Fotografiska’s new Manhattan outpost occupies a 1894 landmark on Park Avenue South.
Photo: Fotografiska New York.

Sweden’s Fotografiska Expands to New York City

The Stockholm import takes over a stunningly reimagined Renaissance Revival–style landmark
A detail of the ornate facade. Photo: Fotografiska New York

Referencing Renaissance architecture with its elegant arches and corner tourelles, the opulent Church Missions House is undoubtedly one of New York’s most visually arresting landmarks. Completed in 1894, the limestone-faced beauty served as the longtime home of the Federation of Protestant Welfare Agencies, but it had sat vacant since the nonprofit sold the property to art-collecting developer Aby Rosen in 2014.

Rosen spent roughly two years looking for the right tenant, ultimately leasing the entire six-story structure to Swedish photography center Fotografiska, known for staging buzzy exhibitions of contemporary works by the likes of Annie Leibovitz, David LaChapelle, Zenele Maholy, and Irving Penn. Founded in 2010, the photography center’s original Stockholm location has garnered attention for its unique approach to displaying art. “We’re not a gallery, as we don’t sell the work, but we’re not a traditional museum in the sense that we’re building a collection for posterity,” said Yoram Roth, chairman of Fotografiska’s board, during the December 11 press preview. “We show work directly together with the artist.”

The Ellen von Unwerth retrospective “Devotion! 30 Years of Photographing Women.” Photo: Fotografiska New York

Now Fotografiska is christening its new, 45,000-square-foot Manhattan home, which has undergone a meticulous renovation overseen by architecture firm CetraRuddy. “The building itself has really been a labor of love,” said Geoffrey Newman, Fotografiska New York general partner. “It’s been a painstaking process to try to return this structure to its original glory, to retrofit it for our use—which is very different than what it was intended for—and that process obviously took longer than we thought.”

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The team at CetraRuddy started by talking to Fotografiska founders Jan and Per Broman, as well as all of the staffers who would be working inside the New York edifice. “What we tried to do is understand who Fotografiska is, what is their DNA, and what this building is about, and make a marriage between the two of them,” said Theresa Genovese, design principal at CetraRuddy. Open to the public for the first time in recent memory, the building now boasts a welcoming lobby equipped with a café and gift shop, a second-level Stephen Starr restaurant designed by Roman & Williams, three floors of exhibition space, and a double-height lounge and event space at the top.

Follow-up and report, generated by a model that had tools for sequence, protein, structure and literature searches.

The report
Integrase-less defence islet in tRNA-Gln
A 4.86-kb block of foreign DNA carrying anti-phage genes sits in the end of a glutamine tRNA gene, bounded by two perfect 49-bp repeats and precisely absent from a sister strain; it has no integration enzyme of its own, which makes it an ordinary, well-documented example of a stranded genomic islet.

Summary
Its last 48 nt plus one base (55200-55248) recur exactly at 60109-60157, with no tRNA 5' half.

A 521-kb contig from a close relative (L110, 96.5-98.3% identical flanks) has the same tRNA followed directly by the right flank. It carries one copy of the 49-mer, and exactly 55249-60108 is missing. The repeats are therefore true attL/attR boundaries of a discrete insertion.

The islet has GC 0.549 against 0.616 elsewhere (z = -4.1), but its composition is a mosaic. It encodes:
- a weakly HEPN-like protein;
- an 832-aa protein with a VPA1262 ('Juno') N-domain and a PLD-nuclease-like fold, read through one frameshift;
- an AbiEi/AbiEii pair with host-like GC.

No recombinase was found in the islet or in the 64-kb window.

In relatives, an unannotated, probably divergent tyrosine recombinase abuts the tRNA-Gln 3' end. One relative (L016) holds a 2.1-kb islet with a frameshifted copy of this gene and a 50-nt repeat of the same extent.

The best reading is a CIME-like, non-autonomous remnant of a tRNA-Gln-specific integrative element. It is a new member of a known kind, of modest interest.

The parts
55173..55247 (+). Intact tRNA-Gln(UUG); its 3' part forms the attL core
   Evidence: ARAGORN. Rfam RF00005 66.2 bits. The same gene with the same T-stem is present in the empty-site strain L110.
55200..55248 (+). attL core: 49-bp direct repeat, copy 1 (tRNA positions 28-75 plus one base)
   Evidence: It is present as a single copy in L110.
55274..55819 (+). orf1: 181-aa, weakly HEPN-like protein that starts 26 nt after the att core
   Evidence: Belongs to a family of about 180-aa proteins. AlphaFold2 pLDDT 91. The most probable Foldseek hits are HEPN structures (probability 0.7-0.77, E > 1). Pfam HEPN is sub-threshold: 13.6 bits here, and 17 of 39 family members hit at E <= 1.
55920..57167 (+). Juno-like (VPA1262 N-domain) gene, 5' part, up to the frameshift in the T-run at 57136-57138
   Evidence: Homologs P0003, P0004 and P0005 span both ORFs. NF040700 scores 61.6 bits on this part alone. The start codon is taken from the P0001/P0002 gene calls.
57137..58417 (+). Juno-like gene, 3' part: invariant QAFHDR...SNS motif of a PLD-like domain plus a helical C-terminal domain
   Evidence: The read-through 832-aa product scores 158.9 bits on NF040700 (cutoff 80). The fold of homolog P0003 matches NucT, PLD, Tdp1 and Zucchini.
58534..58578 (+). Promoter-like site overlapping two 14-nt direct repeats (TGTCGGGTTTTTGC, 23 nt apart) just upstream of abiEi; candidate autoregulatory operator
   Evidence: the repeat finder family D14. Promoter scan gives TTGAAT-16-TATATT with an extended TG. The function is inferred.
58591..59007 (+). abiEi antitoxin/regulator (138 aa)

The top-floor lounge and event space. Photo: Fotografiska New York

Director of exhibitions Amanda Hajjar revealed that Fotografiska New York will host between 20 and 25 shows per year, each mounted for three to four months. Coinciding with the opening are five exhibitions, including a retrospective of acclaimed German fashion photographer Ellen von Unwerth. The show, “Devotion! 30 Years of Photographing Women,” explores her creative vision through seven “emotional expressions,” among them Passion, Drama, and Gender. Challenging archetypes and stereotypes, Von Unwerth’s unabashedly feminist work portrays dynamic women in positions of power, eschewing themes of vulnerability and victimization.

Works by Helene Schmitz document humans’ impact on nature. Photo: Fotografiska New York

Also on view are works by Tokyo-born photographer Tawny Chatmon, whose mesmerizing portraits of minorities are layered with paint and gold leaf, and presented in opulent frames. Time magazine’s Anastasia Taylor-Lind’s assignment to document the culture of childcare in New York City is also on display, featuring emotionally raw depictions of intimate familial moments. Rounding out the exhibitions are light-box landscapes captured in Iceland by Swedish photographer Helene Schmitz, who seeks to document the outsize impact that humans have on nature, as well as captivating scenes conjured by Israeli photographer Adi Nes, who works at the intersection of his own identities as a gay man and a Sephardic Jew.

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The lobby gift shop. Photo: Fotografiska New York

“What CetraRuddy has done architecturally on the exhibition floors allows us to take some risks with the design, so that every decision we make—down to the paint color, font, and lighting—is there to elevate the work,” says Hajjar. “We’re working directly with the photographers and, in some cases, with their galleries. The ultimate goal is to put together exhibitions from the photographer’s point of view.”

Fotografiska New York is located at 281 Park Avenue South in Manhattan. It opens to the public on Saturday, December 14.

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